Building a Campus Community
Dear Alumni and Friends
In the decades preceding Gustave Weber's appointment as Susquehanna's 11th president in 1959, the university had been slow to capitalize on one of the greatest expansions in the history of American higher education. He recognized the strategic necessity of growth and built an infrastructure that made it possible. The result, according to Professor Emeritus of History Don Housley, was that President Weber "effected a revolution in the physical, academic and social environment at Susquehanna University."
During Weber's presidency, the university's sectarian "ethos" gave way to greater intellectual and social freedoms for students, and Susquehanna became a more welcoming, diverse and inclusive community. Weber's 18-year tenure included many major milestones on an important institutional journey that continues to this day.
One such milestone was the arrival 50 years ago this fall of Susquehanna Trustee Bill Lewis, who began his college career at an institution on the cusp of significant growth and change. As Susquehanna's first African-American graduate in 1968, Bill both benefited from and helped propel changes that have been part of our ongoing journey. He and others share their experiences in the stories that follow.
Another milestone of Weber's presidency was his 1972 encounter with local businessman Charles Degenstein. Their shared commitment to the powerful educational opportunities that Susquehanna provides led the charismatic Lutheran clergyman and the socially conscious Jewish businessman to forge an enduring friendship. Susquehanna continues to benefit from that friendship through the extraordinary support of the Charles B. Degenstein Foundation.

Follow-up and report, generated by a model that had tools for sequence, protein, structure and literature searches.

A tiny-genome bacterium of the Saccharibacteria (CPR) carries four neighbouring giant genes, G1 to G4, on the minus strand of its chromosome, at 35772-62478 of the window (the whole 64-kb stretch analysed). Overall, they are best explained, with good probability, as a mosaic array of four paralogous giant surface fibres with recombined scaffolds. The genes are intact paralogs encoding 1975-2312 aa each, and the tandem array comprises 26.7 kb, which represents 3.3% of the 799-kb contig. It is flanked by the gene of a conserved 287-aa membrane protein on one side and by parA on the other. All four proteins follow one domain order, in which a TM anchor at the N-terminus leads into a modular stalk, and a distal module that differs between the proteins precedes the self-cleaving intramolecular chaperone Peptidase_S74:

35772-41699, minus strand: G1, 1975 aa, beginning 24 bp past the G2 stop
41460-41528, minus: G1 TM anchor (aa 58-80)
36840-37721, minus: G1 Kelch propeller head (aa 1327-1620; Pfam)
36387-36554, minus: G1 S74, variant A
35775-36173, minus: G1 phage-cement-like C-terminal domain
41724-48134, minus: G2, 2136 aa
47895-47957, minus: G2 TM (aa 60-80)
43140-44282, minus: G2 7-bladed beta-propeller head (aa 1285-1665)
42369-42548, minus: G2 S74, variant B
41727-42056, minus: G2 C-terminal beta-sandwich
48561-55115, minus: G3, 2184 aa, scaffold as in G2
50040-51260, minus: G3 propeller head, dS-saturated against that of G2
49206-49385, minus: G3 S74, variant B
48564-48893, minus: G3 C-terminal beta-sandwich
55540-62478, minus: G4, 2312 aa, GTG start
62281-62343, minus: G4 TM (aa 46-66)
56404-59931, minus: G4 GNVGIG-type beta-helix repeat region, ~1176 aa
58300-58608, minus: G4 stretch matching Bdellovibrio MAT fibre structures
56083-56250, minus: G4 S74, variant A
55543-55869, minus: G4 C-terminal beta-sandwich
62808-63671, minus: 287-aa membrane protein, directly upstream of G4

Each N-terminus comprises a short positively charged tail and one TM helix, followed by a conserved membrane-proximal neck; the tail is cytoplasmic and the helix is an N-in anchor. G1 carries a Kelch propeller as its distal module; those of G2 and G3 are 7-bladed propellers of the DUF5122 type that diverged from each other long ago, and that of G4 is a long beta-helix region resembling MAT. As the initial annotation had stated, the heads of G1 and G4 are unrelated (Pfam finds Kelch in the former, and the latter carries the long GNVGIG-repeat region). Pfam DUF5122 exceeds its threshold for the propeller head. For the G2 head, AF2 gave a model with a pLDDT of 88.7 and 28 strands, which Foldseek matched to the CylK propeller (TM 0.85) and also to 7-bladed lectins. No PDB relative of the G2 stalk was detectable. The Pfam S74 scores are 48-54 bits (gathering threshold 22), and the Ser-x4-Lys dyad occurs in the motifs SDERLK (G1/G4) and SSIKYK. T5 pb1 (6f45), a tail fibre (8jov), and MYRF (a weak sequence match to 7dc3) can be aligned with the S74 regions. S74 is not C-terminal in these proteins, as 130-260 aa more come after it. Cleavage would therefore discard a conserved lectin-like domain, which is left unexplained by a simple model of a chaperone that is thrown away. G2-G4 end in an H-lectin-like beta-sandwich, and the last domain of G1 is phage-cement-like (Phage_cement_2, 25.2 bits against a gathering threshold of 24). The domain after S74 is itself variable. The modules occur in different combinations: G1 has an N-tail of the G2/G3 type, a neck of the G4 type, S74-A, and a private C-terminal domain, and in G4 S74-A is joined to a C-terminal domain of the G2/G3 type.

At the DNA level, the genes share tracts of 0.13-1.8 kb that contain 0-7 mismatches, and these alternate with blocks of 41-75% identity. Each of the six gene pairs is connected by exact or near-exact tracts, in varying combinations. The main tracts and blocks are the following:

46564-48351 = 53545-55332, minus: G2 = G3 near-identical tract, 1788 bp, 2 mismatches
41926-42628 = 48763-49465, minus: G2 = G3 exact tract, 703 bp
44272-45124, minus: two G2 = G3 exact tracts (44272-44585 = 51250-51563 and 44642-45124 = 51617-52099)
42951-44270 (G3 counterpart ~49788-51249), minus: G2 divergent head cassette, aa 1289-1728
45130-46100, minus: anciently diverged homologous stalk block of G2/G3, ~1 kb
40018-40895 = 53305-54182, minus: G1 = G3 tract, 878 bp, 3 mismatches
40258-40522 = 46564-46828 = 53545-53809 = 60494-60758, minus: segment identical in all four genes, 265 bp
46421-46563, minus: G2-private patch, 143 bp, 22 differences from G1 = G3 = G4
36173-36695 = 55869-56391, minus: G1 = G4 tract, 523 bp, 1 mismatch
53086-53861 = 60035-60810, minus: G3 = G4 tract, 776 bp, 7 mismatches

We value diversity and inclusion because it is the right thing to do and because it is an educational imperative for life, citizenship and leadership in the 21st century. The Association of American Colleges and Universities states unequivocally that a high-quality liberal arts education must include a focus on diversity and inclusion. I am proud that Susquehanna is a national leader in this regard, and I am especially grateful to the faculty for creating an ambitious and demanding curriculum that expects all students to develop an understanding of and appreciation for diversity.
From founder Benjamin Kurtz's conception of the university as a place to train clergy from modest means, to opening doors to first-generation college students and students from rural Pennsylvania's lower-income families, Susquehanna has a long tradition of providing access to a better future. The New York Times recently recognized the university as one of the top 10 most economically diverse colleges in the nation.
With very best wishes,
L. Jay Lemons, President